“When in interior spaces, airflow can be much more stagnant or recycled, and large concentrations of SARS-CoV-2 can remain in the air for longer periods of time, easily entering the airways of unmasked individuals,” Dr. Brown adds. “Since no vaccine is 100% effective at preventing infection, this larger concentration of virus in the air makes it more likely that even some vaccinated individuals could become infected.”

    To be clear, the CDC’s updated guidelines for vaccinated individuals do not apply to some interior spaces, especially in transit. Vaccinated individuals must wear masks on planes, trains, buses and shared transportation — and in crowded public places where essential services are offered, including hospitals.

    Unvaccinated or under-vaccinated Americans can only skip a mask when they’re hanging out in a small group in a non-crowded outdoor space, or exercising alone. Guidelines still maintain that these individuals must wear masks in all indoor settings outside of the home.

    Should we still be social distancing?

    Like masks, keeping hand hygiene in check and, more importantly, maintaining as much social distance as possible are essential in lowering the risk of COVID-19 transmission — even for vaccinated individuals. If it’s at all possible, you should remain socially distant when meeting with friends, especially indoors. “Outdoors is always safer than indoors, distance will always be safer than being close, mask-wearing will always be safer than not wearing a mask,” Dr. Brown says.

    Being socially distant outdoors in an uncrowded space could be a compromise for those who wish to skip masks altogether. “Outdoors, the protection of mask-wearing is negligible, especially when physical distancing is in play,” she adds.

    Inside, socially distancing is paramount as limited ventilation increases the risk that infectious aerosols and droplets end up in your airways. Talking, shouting, itching a nose or sneezing, clearing throats; all of these activities push airborne aerosols to spread indoors, Dr. Perkins explains. “Indoors, there’s a concern for how air is being recycled; every building is different, and there’s no way to standardize airflow,” she says. “That’s why we still have to take extra precautions indoors, because the route of spread is airborne.”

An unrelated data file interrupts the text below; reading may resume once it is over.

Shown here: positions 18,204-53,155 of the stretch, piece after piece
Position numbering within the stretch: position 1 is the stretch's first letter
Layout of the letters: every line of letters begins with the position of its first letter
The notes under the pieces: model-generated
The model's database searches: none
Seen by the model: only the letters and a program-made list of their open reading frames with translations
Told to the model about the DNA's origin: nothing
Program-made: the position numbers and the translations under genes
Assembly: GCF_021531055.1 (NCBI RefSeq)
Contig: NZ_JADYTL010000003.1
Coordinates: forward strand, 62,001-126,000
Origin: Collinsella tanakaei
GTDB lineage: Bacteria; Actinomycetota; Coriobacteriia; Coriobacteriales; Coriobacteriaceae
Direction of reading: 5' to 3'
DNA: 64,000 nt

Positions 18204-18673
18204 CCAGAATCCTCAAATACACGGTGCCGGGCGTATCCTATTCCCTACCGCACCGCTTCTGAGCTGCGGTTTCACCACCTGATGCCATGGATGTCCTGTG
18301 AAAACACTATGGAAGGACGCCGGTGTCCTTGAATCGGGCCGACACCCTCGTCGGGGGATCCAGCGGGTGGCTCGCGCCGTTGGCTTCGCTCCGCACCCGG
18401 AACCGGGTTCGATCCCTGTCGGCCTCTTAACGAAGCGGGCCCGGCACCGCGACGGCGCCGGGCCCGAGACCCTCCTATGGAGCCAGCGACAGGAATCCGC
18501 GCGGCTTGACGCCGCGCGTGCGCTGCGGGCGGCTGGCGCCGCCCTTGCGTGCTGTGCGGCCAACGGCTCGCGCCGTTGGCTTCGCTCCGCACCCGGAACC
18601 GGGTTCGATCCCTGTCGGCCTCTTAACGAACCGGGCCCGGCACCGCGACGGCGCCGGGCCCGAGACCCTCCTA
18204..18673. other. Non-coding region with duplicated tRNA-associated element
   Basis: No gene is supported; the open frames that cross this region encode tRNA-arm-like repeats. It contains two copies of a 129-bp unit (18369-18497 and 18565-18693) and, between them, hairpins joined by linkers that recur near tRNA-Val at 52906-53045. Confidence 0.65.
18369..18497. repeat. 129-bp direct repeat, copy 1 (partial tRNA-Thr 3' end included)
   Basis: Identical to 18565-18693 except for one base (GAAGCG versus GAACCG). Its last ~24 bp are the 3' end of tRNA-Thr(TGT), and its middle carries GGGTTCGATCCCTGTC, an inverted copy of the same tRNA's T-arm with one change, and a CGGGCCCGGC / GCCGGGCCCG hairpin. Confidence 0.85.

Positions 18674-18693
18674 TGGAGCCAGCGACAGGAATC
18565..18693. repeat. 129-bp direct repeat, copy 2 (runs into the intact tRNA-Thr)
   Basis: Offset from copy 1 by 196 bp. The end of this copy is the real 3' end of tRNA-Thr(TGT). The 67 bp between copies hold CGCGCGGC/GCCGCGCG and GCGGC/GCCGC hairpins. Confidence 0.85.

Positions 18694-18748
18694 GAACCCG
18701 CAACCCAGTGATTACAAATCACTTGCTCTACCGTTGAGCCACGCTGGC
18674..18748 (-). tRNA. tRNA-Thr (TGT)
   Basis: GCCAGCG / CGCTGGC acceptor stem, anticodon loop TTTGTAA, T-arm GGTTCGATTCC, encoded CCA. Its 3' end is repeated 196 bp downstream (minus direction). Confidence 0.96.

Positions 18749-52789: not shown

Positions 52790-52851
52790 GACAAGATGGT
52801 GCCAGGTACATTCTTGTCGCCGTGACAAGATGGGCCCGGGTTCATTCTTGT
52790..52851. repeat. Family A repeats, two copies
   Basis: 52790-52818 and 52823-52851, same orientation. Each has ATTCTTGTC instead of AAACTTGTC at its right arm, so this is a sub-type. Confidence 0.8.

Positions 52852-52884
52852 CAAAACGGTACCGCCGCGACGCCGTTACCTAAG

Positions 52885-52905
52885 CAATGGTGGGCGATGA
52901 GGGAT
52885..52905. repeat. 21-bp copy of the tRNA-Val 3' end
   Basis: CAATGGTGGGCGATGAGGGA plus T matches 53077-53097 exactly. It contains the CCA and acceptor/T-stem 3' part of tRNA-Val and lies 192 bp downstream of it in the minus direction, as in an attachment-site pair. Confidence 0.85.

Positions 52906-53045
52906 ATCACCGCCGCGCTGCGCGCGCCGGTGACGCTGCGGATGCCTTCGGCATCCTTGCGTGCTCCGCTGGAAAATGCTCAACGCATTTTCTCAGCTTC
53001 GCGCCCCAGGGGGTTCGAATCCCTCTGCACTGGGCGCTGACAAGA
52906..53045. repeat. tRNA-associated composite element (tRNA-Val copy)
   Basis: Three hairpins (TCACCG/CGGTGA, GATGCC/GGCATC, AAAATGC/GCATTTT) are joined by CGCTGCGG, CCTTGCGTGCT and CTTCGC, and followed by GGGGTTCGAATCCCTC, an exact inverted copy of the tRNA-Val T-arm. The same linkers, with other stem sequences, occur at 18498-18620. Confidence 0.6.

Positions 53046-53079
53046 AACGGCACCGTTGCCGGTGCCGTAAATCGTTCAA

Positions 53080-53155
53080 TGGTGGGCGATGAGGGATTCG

I’m vaccinated and following guidelines. Why should I have to care about risk?

    It’s understandable if you may be feeling mask fatigue: After all, it’s been more than a year, and you’ve hopefully had a chance to get vaccinated by now. Taking the time to still adhere to best safety practices against COVID-19 — wearing a mask, maintaining as much social distance as possible and keeping hands and surfaces clean — can save you from potentially spreading the disease to others around you, including vulnerable unvaccinated individuals or children.

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    Dr. Brown cites recent evidence that suggests that mild COVID-19 infections may later prompt prolonged symptoms and side effects for 6 months or longer. “These symptoms can include fatigue, memory complaints and pulmonary complaints,” says Dr. Brown, adding that a slew of other issues have been tied to what’s now known as long-haul symptoms. “We don’t know for sure if people that have asymptomatic or mild infections after vaccination may still have these long-term side effects after infection.”

    Avoiding infection at all costs is going to pay off for your holistic health in the future, and taking care to exercise caution in certain areas will also benefit your community in the end.

    “Like getting a vaccine, wearing a mask is a choice and a selfless act, so we appreciate when you wear it for others, such as kids who can’t be vaccinated,” Dr. Perkins adds. “There are lots of situations where you don’t need to wear a mask, but it’s always good to stop and ask yourself of the benefits of doing so.”

    As more information about the coronavirus pandemic develops, some of the information in this story may have changed since it was last updated. For the most up-to-date information on COVID-19, please visit online resources provided by the CDC, WHO, and your local public health department.